Capital Punishment

1786 Words Feb 15th, 2013 8 Pages
Capital Punishment

Capital punishment, also known as the death penalty, is the toughest form of punishment enforced today in the United States. According to the online Webster dictionary, capital punishment is defined as “the judicially ordered execution of a prisoner as a punishment for a serious crime, often called a capital offence or a capital crime” (1). In those jurisdictions that practice capital punishment, its use is usually restricted to a small number of criminal offences, principally, treason and premeditated murder. In the 38 U.S. states and within the federal government currently upholding and enforcing death penalty statutes, this method of punishment varies quite differently amongst them. It is a controversial issue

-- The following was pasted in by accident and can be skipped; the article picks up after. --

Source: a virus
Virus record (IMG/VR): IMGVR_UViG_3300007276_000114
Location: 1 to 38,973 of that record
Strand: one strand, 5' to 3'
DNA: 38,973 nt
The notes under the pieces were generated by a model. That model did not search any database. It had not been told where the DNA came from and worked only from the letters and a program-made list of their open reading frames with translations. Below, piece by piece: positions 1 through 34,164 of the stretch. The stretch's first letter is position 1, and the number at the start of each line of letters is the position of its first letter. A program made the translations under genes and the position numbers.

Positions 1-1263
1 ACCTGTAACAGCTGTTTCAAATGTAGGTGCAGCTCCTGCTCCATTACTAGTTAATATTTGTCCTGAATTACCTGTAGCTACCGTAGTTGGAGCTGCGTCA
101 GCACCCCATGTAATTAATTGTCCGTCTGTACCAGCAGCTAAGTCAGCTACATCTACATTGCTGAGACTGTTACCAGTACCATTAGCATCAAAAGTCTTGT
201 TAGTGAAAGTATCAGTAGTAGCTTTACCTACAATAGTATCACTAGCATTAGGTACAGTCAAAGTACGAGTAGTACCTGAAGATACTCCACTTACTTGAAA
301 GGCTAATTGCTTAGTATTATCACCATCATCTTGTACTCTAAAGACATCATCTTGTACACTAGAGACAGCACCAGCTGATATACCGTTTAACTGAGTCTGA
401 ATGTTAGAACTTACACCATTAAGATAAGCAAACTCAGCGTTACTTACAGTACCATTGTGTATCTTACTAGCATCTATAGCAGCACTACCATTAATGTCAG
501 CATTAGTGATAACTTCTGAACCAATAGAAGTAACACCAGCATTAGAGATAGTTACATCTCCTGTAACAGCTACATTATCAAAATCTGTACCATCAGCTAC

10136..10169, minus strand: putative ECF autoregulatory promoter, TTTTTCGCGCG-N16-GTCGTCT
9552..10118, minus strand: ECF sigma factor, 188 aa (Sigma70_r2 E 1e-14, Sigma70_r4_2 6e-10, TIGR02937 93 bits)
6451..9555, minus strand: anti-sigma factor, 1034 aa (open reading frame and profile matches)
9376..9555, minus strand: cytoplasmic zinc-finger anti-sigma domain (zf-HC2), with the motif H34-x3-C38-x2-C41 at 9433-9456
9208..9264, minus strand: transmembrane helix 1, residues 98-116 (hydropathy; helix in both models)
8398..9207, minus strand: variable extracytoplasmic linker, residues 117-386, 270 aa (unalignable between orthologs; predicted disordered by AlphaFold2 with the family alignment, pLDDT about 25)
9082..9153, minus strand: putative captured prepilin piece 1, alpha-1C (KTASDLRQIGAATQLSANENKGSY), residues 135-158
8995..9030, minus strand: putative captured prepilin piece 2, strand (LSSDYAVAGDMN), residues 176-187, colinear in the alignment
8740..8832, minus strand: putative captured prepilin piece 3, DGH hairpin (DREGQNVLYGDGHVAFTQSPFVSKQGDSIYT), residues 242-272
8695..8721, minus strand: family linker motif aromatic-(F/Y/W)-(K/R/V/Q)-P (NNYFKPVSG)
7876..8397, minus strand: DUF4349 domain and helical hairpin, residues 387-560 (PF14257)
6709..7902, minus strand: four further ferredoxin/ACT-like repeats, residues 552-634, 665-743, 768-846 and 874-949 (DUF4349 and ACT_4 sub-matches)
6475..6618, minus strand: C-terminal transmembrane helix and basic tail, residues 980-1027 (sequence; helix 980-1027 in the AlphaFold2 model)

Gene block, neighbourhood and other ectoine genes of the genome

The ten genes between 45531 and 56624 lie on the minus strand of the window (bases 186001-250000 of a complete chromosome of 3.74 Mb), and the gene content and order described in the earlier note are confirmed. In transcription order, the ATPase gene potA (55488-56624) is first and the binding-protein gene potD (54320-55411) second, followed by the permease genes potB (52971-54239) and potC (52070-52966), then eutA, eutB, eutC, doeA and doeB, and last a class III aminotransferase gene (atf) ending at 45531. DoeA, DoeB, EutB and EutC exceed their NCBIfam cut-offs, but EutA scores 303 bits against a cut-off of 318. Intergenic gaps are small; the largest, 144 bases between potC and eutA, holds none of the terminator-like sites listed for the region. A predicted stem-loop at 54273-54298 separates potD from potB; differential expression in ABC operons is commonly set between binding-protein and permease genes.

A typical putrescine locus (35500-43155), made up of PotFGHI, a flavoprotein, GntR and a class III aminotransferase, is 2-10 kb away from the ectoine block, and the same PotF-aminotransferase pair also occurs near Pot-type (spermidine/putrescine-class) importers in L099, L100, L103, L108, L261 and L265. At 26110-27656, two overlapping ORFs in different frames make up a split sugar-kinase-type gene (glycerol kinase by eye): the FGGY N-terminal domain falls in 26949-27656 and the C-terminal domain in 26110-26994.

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The crime rate is lower in the states that do not invoke capital punishment, but as Walter Burns stated “the number of murders tend to rise with the crime rate in general-and not only in America (4). Capital punishment is maintained to hopefully show criminals that when they kill they will eventually meet the same fate. By enforcing the death penalty, the government could be trying to scare criminals from their crimes, and in some cases it has worked. When the death penalty was restored in Kansas, for example, the homicide rate dropped considerably (7). According to research done by Bedau, the crime rate continued to soar between 1960-1969, when capital punishment was rarely being used in most states (7). As a whole, capital punishment has worked to lower homicidal crimes and deter criminals from illegal actions. Capital punishment could help to keep repeat offenders off the streets. In some states the common belief is that imprisoning the murders of society in penitentiaries will keep them from killing again, but this is not true. Even when criminals are imprisoned, their killing can still continue. Bedau did a survey of all the male inmates in state penitentiaries during the year of 1973. He came to the conclusion that after the men were imprisoned for one year, at least sixteen homicides were reported (7). In effect, the

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